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News & Media

Latest ITER Newsline

  • Worksite postcards | Under fog and autumn light

    Due to its proximity to the Durance River and to the narrow gully spanned by the Bridge of Mirabeau, the area around ITER often experiences a peculiar meteorolo [...]

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  • Assembly Hall | Another massive paint job

    By the end of December, the massive painting job in the Assembly Hall will be complete and the building's floor will be as white and pristine as the landscape i [...]

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  • ITER India | Testing a neutral beam for diagnostics

    Every 23 seconds during fusion operation, a probe beam will penetrate deep into the core of the ITER plasma to aid in the detection of helium ash—one of fusion' [...]

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  • Welded attachments | Follow the laser projections

    How do you position 150,000 welded attachments on to a vacuum vessel the size of a house, each one needing to be accurately placed to less than a 4 mm target? [...]

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  • Visit | Our neighbour the Nobel

    In 2018, the Nobel Prize in Physics was awarded to Gérard Mourou for his work on ultra-short, extremely high-intensity laser pulses—the so-called 'chirped pulse [...]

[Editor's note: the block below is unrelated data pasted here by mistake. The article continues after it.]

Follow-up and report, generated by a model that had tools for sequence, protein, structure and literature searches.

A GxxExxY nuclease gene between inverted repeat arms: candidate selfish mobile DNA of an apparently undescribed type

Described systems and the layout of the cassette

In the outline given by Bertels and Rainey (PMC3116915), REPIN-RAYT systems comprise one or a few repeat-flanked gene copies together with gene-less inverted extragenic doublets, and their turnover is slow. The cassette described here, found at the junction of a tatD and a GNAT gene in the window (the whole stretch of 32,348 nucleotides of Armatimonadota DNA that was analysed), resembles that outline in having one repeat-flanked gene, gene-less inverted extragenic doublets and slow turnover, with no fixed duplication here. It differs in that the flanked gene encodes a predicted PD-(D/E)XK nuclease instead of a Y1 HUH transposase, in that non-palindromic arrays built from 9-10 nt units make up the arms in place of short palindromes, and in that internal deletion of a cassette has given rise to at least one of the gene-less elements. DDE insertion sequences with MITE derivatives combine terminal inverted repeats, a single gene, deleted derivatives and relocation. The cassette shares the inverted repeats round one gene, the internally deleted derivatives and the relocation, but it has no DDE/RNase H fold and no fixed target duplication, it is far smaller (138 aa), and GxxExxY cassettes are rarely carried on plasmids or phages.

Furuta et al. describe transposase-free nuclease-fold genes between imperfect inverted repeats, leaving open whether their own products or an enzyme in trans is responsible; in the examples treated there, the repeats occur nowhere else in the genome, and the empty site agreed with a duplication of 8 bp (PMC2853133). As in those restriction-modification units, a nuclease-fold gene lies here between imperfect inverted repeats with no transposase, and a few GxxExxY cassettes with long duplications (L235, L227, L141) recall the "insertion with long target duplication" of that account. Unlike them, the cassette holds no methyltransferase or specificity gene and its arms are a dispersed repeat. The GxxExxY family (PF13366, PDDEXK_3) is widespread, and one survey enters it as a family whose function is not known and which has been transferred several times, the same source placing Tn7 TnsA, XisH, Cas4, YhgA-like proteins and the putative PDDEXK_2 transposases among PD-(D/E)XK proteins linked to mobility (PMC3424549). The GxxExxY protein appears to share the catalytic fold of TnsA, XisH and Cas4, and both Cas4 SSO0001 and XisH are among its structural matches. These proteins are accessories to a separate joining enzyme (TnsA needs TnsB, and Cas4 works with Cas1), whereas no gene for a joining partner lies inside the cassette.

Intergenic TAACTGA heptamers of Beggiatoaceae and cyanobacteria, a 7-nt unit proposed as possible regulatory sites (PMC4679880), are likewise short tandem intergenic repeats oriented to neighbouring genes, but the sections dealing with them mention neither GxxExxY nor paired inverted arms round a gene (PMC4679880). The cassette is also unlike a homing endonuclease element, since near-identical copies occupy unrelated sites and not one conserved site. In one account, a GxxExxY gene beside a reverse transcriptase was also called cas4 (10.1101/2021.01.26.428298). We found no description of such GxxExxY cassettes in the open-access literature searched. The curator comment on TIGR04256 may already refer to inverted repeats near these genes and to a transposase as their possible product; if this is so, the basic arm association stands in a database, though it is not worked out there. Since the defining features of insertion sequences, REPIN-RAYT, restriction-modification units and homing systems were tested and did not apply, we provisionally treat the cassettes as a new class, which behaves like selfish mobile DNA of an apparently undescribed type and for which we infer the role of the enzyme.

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Of Interest

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Auxiliary buildings

Support for the machine

A tokamak would be a lifeless machine if it was not supported by a significant industrial infrastructure. On the ITER platform close to 40 buildings host the equipment and systems that make burning plasma experiments possible.

One of the newest structures on site has gone up in the heat rejection zone on the north side of the platform. The European Domestic Agency is building the infrastructure, the Indian Domestic Agency is procuring the equipment, and the ITER Organization is overseeing installation works. (Click to view larger version...)
One of the newest structures on site has gone up in the heat rejection zone on the north side of the platform. The European Domestic Agency is building the infrastructure, the Indian Domestic Agency is procuring the equipment, and the ITER Organization is overseeing installation works.
A tokamak needs to be fed electrical power in both AC and DC form; it requires powerful heating systems to bring the plasma to the required temperature; the machine's superconducting magnet system demands a constant circulation of cooling fluids; the heat generated on the plasma-facing components must be evacuated by a large water cooling system, complete with kilometres of piping, basins and cooling towers.
 
See the gallery below to see some of the under-sung areas of the ITER worksite that host critical plant systems.


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